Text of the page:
Thursday, October 9, 2008

Customer Service Redux

By: Lee Distad

Last week, John Thomson, the Associate Publisher of Marketnews & here’s how! Magazines wrote a fantastic blog post entitled “Customer Service – Doesn’t Everyone Behave Like This?” about his refreshingly positive experience in an American retail store. In addition to thanking him for writing it, I wanted to expand on his thesis a little with my own opinions.

One of my old mentors in big box retail liked to say to us “retail is easy: you’re selling stuff to people!” In his mind, anything and everything from operations to merchandising needed to address that core principle, otherwise it was a hindrance to doing business rather than a help.

Yet amazingly, as retailers we often find ourselves shackled in chains of our own making. All of us, at some point in our careers have either created or blindly followed unfriendly policies without really thinking it through. Less than 5% of customers are “problem customers” who either steal, swindle or abuse return policies (“renters” as we used to call them), yet often retailers create policies intended to foil that 5% while inadvertently alienating the 95% of customers that we want to keep.

I’m certainly not advocating that when you have a genuine problem customer you should indulge them, but what’s important is that in a customer service situation you have a clear picture of who and what you’re dealing with, right now, and make a decision that’s in both yours and the customer’s best interest, at that time. A little creativity and goodwill will take you a long way in building lasting relationships with your clients.

Oftentimes, little details that we think are a good idea are in fact bad ones. A few years ago, on a trip to Victoria, we stopped in at a little boutique in the Inner Harbour whose name escapes me but it was a toy store with a year-round Christmas theme: mid-summer and there were Christmas decorations everywhere! Since my wife is absolutely bonkers about Christmas, of course we had to check it out!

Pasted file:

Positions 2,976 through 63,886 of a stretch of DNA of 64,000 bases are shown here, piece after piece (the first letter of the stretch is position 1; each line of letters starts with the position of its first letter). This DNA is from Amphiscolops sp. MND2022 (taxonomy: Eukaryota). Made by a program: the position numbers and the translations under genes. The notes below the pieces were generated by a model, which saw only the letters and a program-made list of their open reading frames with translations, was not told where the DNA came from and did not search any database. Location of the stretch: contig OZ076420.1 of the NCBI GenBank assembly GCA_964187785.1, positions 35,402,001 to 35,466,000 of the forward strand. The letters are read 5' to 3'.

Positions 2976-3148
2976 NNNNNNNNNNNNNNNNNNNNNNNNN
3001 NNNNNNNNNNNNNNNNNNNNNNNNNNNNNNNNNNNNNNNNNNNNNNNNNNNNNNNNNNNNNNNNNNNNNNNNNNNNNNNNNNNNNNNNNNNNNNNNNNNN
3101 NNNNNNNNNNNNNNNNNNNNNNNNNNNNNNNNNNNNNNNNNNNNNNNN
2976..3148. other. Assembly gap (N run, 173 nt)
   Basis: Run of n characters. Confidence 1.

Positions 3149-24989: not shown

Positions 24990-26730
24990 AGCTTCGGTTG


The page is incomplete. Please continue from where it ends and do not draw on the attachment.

Years in retail have left me really hard to impress when it comes to merchandising, but this store was beautiful; too beautiful in fact. All over the store mixed in with every single display were little 5x7 hand-written note cards with exquisite penmanship forbidding and admonishing against touching anything, and with a snotty tone to boot: “don’t touch the displays;” “please keep your children off of the rocking horses;” “absolutely do not touch or fold the tags on the Beanie Babies.” You get the picture. Never mind that I wasn’t inclined to do any of the above in the first place, the warnings everywhere made me feel like a four year old being scolded to be on my best behaviour.

I get that the proprietors take pains to make their store a work of art, but honestly, if you don’t want anyone to touch anything ever, open up a toy museum and put everything behind glass. The reality of the situation is that instead of the load of cash I anticipated having to spend following my wife around the store, we didn’t spend a dime. As they say, you only get one chance to make a first impression, and theirs wasn’t positive. Since the customers are the ones who make our paycheques, care needs to ensure that our relationship with them is not only profitable, but enjoyable.

Bookmark and Share

No comments: